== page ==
The Unit 1 Survey Summary can be found here


Motion #1 to approve policies (Constitution Committee):


Cupe 4600 unit 2 health and dental benefits plan trustees policy

Policy for anti-oppression training in CUPE 4600

Policy for honorary membership

Policy on Dual Positions within the Executive Board of CUPE 4600

Policy on potential conflict of interest for officers, trustees, and members of Executive Council

CUPE 4600 Donations Policy

Social Media Policy


Motion #2 to approve policy on Exec Spending for Meetings (Finance Committee)

The proposed policy can be found here


Tabling of proposed changes to Bylaws (from Constitution Committee)

Articles 17, 18, 19, and 20; Appendix B

Article 10 and Appendix C




Policies recommended by Constitution Committee:



CUPE 4600 Unit 2 Health and Dental Benefit Plan Trustees shall:

  1. Oversee the operation and administration of the Unit 2 Benefit Plan

  2. Ensure the Benefit Plan remains financially sound and report the handling of Plan Funds to the Membership

  3. Ensure the Insurance Contract is administered correctly, consistently and fairly to all Members

  4. Ensure that Members are fairly represented by the Benefit Plan Board of Trustees when Claims are contested or a request is received for a File Review

  5. Negotiate the Policy terms and benefit levels with the Insurance Company with recommendations from the Plan Administrator

  6. Attend Board of Trustee Meetings as required (normally three or four per year)

  7. Submit to the Executive Board of CUPE 4600 a copy of any anonymized plan-usage data provided by the Plan Administrator to the Trustees

  8. Submit in writing to the President and Unit 2 Vice-President an “Annual Audited Report” accessing the overall operation and administration of the Plan including reimbursement of trustee expenses

  9. Communicate any recommendations and/or concerns about the operation or future of the Plan to the President and Unit 2 Vice-President as required


Terms of Service of Trustees:

Benefit Plan Trustees  shall be appointed by the Executive Board and confirmed by a Unit 2 caucus meeting. Trustees must be members of CUPE 4600 Unit 2 and will normally serve a 3 year term commencing May 1st and ending April 30th.  To maintain stability in the administration of the Plan, Trustee terms should be staggered when possible. The position is a volunteer position for which all reasonable expenses will be reimbursed from Benefit Plan Fund.

Appointment Process/ Filling Vacancies:

In the event of a vacancy, or anticipated vacancy, the Executive Board will seek qualified applicants from the CUPE 4600 Unit 2 membership to maintain a full complement of Benefits Plan Trustees. Normally Executive Board members will not also serve as Health Plan Trustees. The Executive will take active steps to advertise vacancies and invite applications from the Unit 2 membership for the position of Benefits Plan Trustee. The Executive Board in consultation with current trustees shall determine, in advance of advertising the position, the criteria of qualification for the position and communicate this to potential applicants.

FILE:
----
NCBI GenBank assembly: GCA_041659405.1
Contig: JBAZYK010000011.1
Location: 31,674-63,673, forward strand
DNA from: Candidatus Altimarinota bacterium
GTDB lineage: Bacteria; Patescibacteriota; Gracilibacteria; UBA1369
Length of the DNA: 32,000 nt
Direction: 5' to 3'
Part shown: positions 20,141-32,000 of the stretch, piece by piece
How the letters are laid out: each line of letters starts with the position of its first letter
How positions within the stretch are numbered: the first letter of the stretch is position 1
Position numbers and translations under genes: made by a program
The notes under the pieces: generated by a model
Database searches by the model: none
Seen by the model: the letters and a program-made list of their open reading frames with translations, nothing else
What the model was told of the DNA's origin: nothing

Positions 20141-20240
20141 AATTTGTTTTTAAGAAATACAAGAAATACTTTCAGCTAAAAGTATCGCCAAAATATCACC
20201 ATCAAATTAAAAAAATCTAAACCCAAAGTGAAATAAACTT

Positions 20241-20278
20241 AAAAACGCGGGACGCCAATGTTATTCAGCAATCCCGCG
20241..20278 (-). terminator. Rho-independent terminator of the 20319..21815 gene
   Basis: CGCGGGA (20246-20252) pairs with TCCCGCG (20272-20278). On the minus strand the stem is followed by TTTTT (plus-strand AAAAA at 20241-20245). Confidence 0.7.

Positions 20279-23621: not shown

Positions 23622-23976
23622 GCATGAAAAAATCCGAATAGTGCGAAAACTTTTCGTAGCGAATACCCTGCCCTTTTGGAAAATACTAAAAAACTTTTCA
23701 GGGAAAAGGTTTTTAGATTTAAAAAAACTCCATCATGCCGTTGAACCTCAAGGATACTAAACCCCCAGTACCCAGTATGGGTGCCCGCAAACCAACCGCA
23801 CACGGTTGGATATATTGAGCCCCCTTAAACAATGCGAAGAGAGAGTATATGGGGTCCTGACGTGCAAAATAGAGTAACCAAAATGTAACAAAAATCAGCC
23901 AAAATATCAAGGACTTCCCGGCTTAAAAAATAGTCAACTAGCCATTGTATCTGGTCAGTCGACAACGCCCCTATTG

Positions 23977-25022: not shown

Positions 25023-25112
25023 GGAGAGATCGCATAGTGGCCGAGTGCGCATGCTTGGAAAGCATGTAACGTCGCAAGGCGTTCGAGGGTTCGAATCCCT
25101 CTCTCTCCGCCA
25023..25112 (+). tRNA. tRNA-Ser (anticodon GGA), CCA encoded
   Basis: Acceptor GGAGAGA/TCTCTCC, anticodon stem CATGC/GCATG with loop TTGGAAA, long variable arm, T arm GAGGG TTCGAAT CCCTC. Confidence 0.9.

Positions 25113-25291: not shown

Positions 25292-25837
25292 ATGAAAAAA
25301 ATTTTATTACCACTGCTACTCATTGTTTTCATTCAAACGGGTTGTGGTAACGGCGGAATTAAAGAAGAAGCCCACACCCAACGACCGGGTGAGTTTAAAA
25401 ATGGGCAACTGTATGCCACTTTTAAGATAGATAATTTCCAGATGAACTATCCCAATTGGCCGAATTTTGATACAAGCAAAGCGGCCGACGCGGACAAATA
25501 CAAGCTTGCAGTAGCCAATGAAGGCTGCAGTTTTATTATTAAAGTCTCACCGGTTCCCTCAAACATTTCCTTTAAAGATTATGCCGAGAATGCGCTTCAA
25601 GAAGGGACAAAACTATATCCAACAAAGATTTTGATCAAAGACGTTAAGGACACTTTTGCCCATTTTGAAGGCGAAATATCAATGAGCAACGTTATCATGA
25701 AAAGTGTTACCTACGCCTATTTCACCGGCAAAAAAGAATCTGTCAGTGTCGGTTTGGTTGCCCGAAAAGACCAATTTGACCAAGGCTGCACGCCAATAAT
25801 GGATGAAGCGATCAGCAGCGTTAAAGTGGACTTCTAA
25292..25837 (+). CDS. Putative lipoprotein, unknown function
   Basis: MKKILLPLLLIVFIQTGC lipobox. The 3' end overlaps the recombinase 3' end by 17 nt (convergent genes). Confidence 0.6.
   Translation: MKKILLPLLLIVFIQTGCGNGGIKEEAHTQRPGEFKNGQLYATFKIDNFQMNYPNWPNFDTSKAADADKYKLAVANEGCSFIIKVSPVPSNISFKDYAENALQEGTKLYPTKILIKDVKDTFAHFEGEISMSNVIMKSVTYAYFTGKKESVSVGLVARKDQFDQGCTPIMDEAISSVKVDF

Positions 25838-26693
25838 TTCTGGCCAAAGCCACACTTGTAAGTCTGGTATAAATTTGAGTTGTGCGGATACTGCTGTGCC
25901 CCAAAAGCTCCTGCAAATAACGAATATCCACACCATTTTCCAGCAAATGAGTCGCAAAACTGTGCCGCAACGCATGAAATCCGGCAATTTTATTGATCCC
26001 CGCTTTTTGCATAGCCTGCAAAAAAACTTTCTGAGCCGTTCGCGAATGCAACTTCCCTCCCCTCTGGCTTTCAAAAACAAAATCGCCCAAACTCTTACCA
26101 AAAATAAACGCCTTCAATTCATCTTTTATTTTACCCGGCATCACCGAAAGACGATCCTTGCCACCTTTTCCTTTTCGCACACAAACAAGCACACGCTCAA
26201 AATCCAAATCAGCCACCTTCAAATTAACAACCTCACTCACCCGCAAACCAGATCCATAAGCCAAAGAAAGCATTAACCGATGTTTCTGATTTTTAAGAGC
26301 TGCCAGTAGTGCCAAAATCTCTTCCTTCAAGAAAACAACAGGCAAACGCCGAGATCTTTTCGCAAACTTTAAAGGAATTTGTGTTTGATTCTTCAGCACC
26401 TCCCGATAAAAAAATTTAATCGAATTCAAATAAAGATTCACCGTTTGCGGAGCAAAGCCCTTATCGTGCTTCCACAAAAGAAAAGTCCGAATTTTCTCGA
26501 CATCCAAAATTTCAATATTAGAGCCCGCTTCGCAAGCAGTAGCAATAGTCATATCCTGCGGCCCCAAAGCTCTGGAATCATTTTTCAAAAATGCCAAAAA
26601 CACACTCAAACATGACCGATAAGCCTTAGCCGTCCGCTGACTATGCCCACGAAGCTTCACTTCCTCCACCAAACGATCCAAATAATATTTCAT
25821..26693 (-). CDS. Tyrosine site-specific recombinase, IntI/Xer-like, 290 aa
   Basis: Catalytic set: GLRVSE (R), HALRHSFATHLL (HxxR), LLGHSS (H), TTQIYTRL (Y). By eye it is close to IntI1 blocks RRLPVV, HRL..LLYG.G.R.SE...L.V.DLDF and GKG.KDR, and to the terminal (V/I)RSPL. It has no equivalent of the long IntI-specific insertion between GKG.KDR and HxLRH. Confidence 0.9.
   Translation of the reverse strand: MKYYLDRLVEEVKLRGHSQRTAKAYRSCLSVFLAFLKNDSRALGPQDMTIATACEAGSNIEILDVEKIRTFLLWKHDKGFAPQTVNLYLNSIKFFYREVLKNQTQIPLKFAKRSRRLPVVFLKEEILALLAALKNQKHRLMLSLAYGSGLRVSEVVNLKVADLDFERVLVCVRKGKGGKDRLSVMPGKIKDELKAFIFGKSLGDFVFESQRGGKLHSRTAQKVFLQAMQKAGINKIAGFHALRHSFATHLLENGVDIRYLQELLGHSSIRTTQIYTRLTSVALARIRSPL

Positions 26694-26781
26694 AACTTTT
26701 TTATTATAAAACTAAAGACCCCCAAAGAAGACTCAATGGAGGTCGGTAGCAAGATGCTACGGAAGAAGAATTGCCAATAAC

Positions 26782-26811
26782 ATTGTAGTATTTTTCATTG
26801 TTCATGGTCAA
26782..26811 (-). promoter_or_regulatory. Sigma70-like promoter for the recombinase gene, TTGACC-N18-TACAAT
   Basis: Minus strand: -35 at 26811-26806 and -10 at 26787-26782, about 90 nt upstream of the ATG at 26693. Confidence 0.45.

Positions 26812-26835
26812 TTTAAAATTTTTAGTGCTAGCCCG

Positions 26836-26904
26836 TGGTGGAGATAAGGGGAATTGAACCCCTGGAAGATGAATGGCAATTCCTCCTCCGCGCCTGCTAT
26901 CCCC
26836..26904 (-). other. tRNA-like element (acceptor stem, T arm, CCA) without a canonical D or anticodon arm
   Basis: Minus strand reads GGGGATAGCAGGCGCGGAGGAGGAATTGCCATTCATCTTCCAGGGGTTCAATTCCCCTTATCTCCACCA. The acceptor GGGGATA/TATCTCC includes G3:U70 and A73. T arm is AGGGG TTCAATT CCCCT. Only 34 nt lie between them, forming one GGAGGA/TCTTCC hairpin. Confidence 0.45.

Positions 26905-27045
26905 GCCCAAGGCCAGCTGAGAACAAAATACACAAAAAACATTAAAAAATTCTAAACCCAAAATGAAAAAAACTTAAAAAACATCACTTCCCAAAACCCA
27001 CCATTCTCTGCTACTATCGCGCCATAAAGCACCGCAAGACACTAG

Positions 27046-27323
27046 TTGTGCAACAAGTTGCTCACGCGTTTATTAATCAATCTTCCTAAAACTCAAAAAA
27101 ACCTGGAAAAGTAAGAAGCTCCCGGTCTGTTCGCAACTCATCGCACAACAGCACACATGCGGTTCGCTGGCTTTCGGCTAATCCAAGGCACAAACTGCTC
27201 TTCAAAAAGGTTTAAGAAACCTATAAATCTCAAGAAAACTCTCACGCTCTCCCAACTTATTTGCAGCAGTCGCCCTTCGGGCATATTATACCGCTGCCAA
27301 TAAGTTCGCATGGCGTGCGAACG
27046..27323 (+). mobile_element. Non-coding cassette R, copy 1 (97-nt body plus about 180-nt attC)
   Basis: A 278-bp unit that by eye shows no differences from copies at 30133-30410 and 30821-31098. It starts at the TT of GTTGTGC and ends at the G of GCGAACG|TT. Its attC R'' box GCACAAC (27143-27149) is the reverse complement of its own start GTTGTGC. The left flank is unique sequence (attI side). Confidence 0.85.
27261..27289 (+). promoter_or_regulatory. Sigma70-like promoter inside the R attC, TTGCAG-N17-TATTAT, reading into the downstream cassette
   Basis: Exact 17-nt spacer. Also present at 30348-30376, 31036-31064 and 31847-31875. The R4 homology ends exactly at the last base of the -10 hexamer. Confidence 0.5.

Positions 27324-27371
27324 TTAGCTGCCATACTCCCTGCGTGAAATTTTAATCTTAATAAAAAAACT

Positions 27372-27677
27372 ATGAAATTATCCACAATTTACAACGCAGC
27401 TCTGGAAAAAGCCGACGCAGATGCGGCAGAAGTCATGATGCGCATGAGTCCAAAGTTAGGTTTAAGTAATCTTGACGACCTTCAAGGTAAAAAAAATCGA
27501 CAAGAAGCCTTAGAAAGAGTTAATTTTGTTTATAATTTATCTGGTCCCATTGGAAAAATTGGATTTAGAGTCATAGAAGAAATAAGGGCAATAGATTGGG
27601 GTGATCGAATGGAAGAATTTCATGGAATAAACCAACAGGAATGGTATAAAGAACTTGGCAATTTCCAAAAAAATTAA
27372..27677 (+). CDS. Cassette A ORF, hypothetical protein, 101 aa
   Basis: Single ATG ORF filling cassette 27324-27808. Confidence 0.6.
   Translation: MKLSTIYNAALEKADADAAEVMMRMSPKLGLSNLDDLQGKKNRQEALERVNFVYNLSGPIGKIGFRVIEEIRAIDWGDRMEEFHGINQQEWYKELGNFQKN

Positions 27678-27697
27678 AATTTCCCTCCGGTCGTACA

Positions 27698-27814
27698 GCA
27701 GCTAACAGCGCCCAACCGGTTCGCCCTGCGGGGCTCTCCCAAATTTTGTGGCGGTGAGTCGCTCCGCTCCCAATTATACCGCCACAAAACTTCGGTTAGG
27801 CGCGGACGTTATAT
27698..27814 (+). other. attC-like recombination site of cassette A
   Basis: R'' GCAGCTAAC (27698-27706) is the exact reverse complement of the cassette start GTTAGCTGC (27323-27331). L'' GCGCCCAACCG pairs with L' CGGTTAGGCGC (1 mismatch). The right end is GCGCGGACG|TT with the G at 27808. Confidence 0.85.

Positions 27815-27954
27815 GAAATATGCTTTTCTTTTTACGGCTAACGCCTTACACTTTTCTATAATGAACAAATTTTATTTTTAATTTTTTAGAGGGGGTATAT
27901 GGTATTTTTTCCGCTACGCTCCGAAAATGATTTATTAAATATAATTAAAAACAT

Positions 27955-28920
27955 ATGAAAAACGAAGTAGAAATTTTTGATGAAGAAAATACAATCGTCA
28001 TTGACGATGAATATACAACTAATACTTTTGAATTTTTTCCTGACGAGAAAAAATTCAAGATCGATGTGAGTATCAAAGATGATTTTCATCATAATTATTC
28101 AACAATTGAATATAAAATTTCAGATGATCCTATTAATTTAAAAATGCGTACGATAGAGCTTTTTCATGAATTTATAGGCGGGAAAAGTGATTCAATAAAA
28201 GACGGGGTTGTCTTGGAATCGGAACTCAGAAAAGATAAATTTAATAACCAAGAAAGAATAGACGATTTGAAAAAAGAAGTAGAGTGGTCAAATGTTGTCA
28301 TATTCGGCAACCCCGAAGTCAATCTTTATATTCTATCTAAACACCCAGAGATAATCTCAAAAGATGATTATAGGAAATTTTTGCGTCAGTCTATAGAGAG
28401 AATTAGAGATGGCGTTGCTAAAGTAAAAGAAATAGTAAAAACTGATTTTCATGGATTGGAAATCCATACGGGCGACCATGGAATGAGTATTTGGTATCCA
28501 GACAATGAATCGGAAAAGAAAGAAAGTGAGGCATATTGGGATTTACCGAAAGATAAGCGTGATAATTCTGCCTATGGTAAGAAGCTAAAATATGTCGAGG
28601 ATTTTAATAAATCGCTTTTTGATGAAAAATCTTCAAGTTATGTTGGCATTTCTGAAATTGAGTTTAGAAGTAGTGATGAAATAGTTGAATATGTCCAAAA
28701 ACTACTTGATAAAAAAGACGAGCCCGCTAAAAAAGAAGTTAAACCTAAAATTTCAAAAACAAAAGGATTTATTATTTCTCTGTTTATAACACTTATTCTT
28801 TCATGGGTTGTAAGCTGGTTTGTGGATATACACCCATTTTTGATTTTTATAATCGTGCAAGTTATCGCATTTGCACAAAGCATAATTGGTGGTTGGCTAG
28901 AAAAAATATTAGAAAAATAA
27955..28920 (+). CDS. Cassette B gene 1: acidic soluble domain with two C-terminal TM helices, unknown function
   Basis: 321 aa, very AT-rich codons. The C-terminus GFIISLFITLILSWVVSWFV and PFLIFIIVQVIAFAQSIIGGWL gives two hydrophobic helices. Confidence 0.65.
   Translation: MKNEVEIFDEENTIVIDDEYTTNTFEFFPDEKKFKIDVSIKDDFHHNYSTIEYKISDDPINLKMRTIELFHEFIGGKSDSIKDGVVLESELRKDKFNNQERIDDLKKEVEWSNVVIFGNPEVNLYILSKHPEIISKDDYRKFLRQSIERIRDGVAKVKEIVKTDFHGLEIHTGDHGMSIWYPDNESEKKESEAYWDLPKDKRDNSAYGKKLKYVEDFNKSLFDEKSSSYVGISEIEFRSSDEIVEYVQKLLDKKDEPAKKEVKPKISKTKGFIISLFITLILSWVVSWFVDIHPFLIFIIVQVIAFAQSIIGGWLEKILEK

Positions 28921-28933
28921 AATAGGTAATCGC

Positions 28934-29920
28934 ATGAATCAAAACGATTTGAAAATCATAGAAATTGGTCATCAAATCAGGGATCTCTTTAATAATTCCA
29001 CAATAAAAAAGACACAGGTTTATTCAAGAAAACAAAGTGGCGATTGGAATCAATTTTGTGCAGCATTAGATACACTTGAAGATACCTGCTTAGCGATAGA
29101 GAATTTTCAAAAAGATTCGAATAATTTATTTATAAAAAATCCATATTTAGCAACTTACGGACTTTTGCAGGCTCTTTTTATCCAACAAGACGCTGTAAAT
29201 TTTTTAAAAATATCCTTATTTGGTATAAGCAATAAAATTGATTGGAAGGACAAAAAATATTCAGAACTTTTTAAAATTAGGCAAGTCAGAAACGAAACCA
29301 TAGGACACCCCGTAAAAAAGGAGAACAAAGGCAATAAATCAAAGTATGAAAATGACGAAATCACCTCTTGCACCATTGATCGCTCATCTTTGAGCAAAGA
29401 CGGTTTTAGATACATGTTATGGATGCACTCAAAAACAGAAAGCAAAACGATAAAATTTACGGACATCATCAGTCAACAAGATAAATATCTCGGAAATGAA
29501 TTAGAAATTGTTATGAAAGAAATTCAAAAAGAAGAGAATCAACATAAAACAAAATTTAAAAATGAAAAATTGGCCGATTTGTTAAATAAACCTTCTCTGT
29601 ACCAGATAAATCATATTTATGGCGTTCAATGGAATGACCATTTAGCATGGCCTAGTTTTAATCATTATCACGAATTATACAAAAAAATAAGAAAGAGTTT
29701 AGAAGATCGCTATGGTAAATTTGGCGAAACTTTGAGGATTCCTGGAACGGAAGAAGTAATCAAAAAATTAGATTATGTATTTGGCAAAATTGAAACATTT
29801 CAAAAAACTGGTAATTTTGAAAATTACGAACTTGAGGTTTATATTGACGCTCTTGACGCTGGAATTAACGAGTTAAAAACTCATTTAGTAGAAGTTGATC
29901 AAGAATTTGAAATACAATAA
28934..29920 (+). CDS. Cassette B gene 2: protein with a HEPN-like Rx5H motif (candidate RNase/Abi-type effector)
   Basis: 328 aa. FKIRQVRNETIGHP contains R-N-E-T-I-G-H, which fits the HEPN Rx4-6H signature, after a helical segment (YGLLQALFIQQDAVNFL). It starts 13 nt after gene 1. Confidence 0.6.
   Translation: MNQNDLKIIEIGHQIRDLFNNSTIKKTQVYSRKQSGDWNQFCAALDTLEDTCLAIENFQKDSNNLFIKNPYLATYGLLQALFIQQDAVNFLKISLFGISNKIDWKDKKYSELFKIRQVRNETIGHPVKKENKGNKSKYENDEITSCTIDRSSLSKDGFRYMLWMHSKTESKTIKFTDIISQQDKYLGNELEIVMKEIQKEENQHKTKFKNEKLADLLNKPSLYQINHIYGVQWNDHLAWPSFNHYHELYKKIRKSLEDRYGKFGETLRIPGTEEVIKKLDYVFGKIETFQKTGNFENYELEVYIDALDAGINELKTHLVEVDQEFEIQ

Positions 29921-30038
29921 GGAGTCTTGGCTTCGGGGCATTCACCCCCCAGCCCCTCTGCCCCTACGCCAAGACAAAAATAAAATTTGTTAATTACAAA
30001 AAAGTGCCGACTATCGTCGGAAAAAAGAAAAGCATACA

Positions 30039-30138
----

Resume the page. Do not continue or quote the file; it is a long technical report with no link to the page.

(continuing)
Normally consideration will be given to those who: are familiar the operation and membership of CUPE 4600 and with the unionized education sector in Ontario; have experience with and an understanding of employee benefits plans; are available to attend requisite meetings; and are committed to providing quality benefits to CUPE 4600 members on a long-term, sustainable basis.

As necessity requires, the Executive Board may appoint (an) interim Trustee(s) to the Board of Benefits Trustees to ensure the stability and ongoing operation of the Fund. Such interim appointments should last no longer than a year; may, when required, include Unit 2 Members of the Executive Board; and still require the confirmation of a Unit 2 caucus meeting.

Relationship between the CUPE 4600 Executive Board and Benefits Plan Trustees

Final responsibility for the health and direction of the Unit 2 Benefits Plan lies with the Executive Board of CUPE 4600 as duly-elected representatives of the Membership. Benefits Plan Trustees also have a fiduciary duty to the membership to ensure that the Benefits Plan remains financially sound and responsive to the members’ need. The normally arms-length/semi-autonomous relationship between the Executive Board and Benefits Trustees ensures the long-term stability of the Plan and reflects a desire to insulate the Plan from any short-term instability in the Local’s Executive. This structure is also assured by maintaining the Trustees as the primary contact with the Plan’s Administrator.

Decisions taken by Plan Trustees regarding appeals by Members may be open to further appeal to the Executive Board. Normally in such instances, deference should be given to the decisions of Trustees except where such decisions can be shown to have been procedurally flawed or not consistent with the goals and objectives articulated in CUPE 4600’s constitution and by-laws.

The primary responsibility of the Benefits Plan Trustees to the Executive Board is to provide any information, reports and/or advice regarding the operation and overall health of the Plan as required by the Board. This information and/or advise is intended to inform Executive Board decisions regarding the Plan and specifically to ensure that the ongoing health and utility of the Plan for members is maintained through Executive Board actions in bargaining,  the ongoing joint administration of the Collective Agreement, and management of staff and office resources.